California’s universal health care proposal is moving forward

SACRAMENTO, Calif. (KRON) – State lawmakers moved forward with an effort to create a single-pay, universal health care system in California on Tuesday.

By 11 to 3 votes, the Assembly’s Health Committee approved a bill aimed at making universal health care a single payer a reality.

“I feel like the whole healthcare system has forgotten its oath and has gone astray,” Assm says. Jim Wood, D-Santa Rosa, said.

AB1400 establishes and sets the rules for cal care, a proposed single-payer health care program for California residents.

In a separate bill, lawmakers hope to ask voters to approve more tax increases to pay for it.

“Have a health system that has way too much suffering embedded in it, especially here in the richest state in the richest nation,” Assm says. Ash Kalra, D-San Jose, said.

After Tuesday’s three-hour hearing, the AB1400 still faces many obstacles within a tight deadline because it was introduced last year, it has to go through another committee and the entire assembly before the end of the month to stay alive this session.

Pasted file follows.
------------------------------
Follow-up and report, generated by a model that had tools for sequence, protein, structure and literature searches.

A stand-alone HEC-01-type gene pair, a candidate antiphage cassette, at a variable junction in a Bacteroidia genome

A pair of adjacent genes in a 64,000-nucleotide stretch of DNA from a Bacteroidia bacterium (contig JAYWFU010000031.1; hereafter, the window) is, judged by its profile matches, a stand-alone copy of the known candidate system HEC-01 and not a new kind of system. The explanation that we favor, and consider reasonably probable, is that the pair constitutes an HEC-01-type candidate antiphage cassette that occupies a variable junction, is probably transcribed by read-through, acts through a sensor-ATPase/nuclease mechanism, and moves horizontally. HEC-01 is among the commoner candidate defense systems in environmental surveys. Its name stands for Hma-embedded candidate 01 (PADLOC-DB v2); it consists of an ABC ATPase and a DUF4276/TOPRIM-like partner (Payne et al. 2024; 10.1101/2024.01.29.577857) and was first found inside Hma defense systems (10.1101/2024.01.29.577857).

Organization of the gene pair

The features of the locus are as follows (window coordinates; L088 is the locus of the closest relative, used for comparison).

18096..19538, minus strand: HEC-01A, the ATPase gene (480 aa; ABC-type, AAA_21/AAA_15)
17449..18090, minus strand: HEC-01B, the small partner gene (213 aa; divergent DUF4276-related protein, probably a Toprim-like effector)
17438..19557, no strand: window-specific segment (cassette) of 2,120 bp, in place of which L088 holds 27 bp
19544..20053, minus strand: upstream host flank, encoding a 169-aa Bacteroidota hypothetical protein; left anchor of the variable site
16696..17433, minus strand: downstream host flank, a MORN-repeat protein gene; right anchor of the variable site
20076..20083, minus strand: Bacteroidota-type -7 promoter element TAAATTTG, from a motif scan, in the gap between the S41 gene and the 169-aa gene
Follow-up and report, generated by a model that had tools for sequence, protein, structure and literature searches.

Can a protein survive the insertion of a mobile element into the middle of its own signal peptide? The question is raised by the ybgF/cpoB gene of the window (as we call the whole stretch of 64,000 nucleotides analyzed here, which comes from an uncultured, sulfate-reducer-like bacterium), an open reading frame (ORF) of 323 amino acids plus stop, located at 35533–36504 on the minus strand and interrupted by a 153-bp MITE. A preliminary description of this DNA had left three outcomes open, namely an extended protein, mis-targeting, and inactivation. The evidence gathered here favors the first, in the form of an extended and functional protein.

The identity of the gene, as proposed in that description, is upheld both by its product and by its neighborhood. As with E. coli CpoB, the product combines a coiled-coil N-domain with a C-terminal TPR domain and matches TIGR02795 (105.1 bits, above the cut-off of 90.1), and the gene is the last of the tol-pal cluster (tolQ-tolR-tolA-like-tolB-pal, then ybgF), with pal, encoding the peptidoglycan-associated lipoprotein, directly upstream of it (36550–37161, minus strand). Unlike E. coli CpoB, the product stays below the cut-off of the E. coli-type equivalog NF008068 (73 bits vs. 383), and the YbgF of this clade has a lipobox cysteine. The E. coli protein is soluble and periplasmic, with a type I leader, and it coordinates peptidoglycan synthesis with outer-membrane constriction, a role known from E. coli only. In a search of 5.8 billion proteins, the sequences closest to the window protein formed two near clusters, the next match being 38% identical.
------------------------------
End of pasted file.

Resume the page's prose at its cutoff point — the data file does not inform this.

Some Democrats and Republicans were against the bill, which they say has too many unknowns, including funding, how it will affect retirees and the medical workforce.

“I’m deeply concerned about this, there are so many unanswered questions,” Assm says. Heath Flora, R-Ripon, said.

It faces opposition from some medical and business groups, including the California Chamber of Commerce.

“This is not the time to experiment with a whole new, state-run bureaucracy funded by unsustainable taxes imposed on employers trying to survive a pandemic,” said Preston Young, CalChamber.

Before he was elected, Governor Gavin Newsom campaigned on a push for one-pay healthcare. Newsom proposes its own version of universal health care by extending state health insurance to all low-income Californians, regardless of immigration status.

This is how he reacted when asked if he would support AB 1400:

“I have not had the opportunity to review that plan and no one has presented it to me.”

The bill goes to the grant committee.

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